Imagine Fed Governor Rip van Winkle waking from a 10-year nap to find that trend inflation is only a bit shy of the 2% target, the unemployment rate is close to its long-run steady state, and the Fed’s balance sheet is five times larger than when he fell asleep. As we wrote two years ago, you could forgive him for expecting the federal funds rate to be closer to 4% than ½%. And, you would understand his astonishment when he learns that financial market expectations of policy tightening have collapsed amid continued economic expansion.
So, why are both the current policy rate and expectations of the future rate so low? There are four powerful reasons. First, both investors and policymakers have lowered their estimates of the steady-state (or “natural”) real interest rate. That means that Fed policy today is less accommodative than Governor Rip’s 10-year-old perspective leads him to think. Second, Rip is surely startled to learn that, even with a tightening labor market and policy rates close to zero, market-based long-run inflation expectations have declined. Third, it seems unlikely that Rip would be thinking much about the policy asymmetry that occurs when the nominal interest rate is near the effective lower bound. That is, as post-crisis experience suggests, with policy rates near (or even below) zero, it is much easier for central banks to tighten when prices rise too quickly than it is to ease should prices start to fall. Fourth, the economy’s productive capacity may be endogenous: that is, it may be possible for trend growth to be higher than recent experience suggests... Read More
“[W]e may well at present be seeing the first stirrings of an increase in the inflation rate--something that we would like to happen.” Stanley Fischer, Vice Chair of the Federal Reserve Board
The primary task of the central bank is to avert catastrophe, making sure that nothing really bad happens. This risk management approach imparts a natural asymmetry to policymakers’ words and deeds. Sometimes, it calls for bold, aggressive action. Others times, it means cautious plodding. Everyone agrees that 2008 was a clear case of the former. Most Federal Reserve officials argue that the current circumstance exemplifies the latter... Read More
How and what should the Federal Open Market Committee (FOMC) communicate to make monetary policy most effective? That is the question addressed by this year’s U.S. Monetary Policy Forum report (Language After Liftoff: Fed Communication Away from the Zero Lower Bound).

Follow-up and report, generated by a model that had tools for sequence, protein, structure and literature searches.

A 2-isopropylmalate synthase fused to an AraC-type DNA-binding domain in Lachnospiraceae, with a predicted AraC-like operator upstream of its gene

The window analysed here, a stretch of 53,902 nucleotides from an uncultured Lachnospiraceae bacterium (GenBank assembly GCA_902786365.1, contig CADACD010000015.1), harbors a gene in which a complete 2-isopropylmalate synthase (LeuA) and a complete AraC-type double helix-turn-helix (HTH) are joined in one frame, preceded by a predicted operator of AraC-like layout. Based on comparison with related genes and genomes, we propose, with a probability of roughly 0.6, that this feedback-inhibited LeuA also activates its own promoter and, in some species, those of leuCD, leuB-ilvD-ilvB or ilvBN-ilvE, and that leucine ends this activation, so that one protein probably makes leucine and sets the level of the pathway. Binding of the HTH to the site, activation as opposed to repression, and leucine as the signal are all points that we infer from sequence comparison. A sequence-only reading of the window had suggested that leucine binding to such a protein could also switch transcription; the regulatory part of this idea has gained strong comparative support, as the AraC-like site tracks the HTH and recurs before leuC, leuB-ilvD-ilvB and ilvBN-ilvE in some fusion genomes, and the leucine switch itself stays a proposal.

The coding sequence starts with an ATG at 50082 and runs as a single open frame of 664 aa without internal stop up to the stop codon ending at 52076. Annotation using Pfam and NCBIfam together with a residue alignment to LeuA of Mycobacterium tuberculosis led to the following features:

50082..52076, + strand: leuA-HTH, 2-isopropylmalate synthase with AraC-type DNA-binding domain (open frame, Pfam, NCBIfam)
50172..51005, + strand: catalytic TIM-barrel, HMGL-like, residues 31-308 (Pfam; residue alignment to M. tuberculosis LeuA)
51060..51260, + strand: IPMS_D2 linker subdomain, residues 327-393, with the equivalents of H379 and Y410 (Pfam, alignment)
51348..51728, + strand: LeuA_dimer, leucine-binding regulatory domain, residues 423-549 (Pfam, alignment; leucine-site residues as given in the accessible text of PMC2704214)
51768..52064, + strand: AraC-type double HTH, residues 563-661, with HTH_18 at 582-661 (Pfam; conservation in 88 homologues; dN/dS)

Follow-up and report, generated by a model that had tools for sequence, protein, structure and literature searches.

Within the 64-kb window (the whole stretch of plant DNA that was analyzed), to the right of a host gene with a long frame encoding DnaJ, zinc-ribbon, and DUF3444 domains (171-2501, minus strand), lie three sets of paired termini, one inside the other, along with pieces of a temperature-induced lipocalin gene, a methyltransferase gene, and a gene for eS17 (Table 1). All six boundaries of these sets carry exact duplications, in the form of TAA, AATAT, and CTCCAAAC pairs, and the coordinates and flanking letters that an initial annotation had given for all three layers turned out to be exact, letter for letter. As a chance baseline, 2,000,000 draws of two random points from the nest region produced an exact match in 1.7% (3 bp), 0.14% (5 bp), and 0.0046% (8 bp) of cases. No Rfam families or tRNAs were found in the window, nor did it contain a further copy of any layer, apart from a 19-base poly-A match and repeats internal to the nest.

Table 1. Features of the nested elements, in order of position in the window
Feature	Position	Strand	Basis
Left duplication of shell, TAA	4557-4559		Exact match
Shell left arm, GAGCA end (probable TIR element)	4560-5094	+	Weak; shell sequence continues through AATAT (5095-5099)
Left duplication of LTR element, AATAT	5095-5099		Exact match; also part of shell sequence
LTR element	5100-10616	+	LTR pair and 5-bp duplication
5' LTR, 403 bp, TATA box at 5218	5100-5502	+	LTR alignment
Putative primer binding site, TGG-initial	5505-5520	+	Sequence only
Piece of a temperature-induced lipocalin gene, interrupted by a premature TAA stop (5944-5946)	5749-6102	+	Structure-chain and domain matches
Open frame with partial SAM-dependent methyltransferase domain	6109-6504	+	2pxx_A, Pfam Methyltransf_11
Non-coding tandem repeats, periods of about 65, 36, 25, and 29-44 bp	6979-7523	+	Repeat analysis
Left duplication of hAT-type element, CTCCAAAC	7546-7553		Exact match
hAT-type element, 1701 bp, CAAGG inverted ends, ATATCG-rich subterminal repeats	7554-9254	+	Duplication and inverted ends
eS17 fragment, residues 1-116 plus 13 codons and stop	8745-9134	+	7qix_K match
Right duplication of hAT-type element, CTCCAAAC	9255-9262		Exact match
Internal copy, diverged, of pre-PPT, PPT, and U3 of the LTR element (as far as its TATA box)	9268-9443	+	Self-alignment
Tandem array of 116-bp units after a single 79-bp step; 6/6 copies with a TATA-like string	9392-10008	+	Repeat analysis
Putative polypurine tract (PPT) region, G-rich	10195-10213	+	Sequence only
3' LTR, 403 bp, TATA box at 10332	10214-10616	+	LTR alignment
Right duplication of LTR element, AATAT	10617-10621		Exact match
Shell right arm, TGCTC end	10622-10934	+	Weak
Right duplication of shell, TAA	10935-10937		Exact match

Over the past two decades, the FOMC has made enormous strides in promoting transparency. In sharp contrast to most of its previous history, the Fed now emphasizes that transparency enhances the effectiveness of monetary policy.
Yet, central bank communication is a work in progress. And, as the new USMPF report argues, there remains scope for improvement. In our view, the simplest and most useful change that the authors recommend, and that the Fed could implement—immediately and without cost—is to “connect the dots:” that is, to link (while maintaining anonymity) the published interest rate forecasts of each FOMC participant that appear in the quarterly “dot plot” (found in the Summary of Economic Projections, or SEP) to that same person’s projections of inflation, unemployment, and economic growth. Read More
The goal of every central banker is to stabilize the economic and financial system—keeping inflation low, employment high, and the financial system operating smoothly. Success means reacting to unexpected events—changes in financial conditions, business and consumer sentiment, and the like—to limit systematic risk in the economy as a whole. But as they do this, policymakers try their best to respond predictably to news about the economy. That is, there is a central bankers’ version of the Hippocratic Oath: be sure you do not become a source of instability... Read More
Many people seem to think that – as a new BIS working paper concludes – banks benefit when monetary policy tightens and interest rates rise (especially from a low level). Do they? In some instances, perhaps, but as a general principle, surely not.
A casual glance at recent U.S. stock market behavior seems to support the idea that higher interest rates would be good for banks now. When the Federal Open Market Committee decided not to hike interest rates on September 17, the S&P500 dropped by 1.85% over two days, while the KBW index of bank stocks fell by 4.85%. A week later, when Fed Chair Yellen speaking about inflation dynamics expressed her continued expectations for a rate hike this year, the S&P500 edged lower, but the bank index rose by nearly 2%... Read More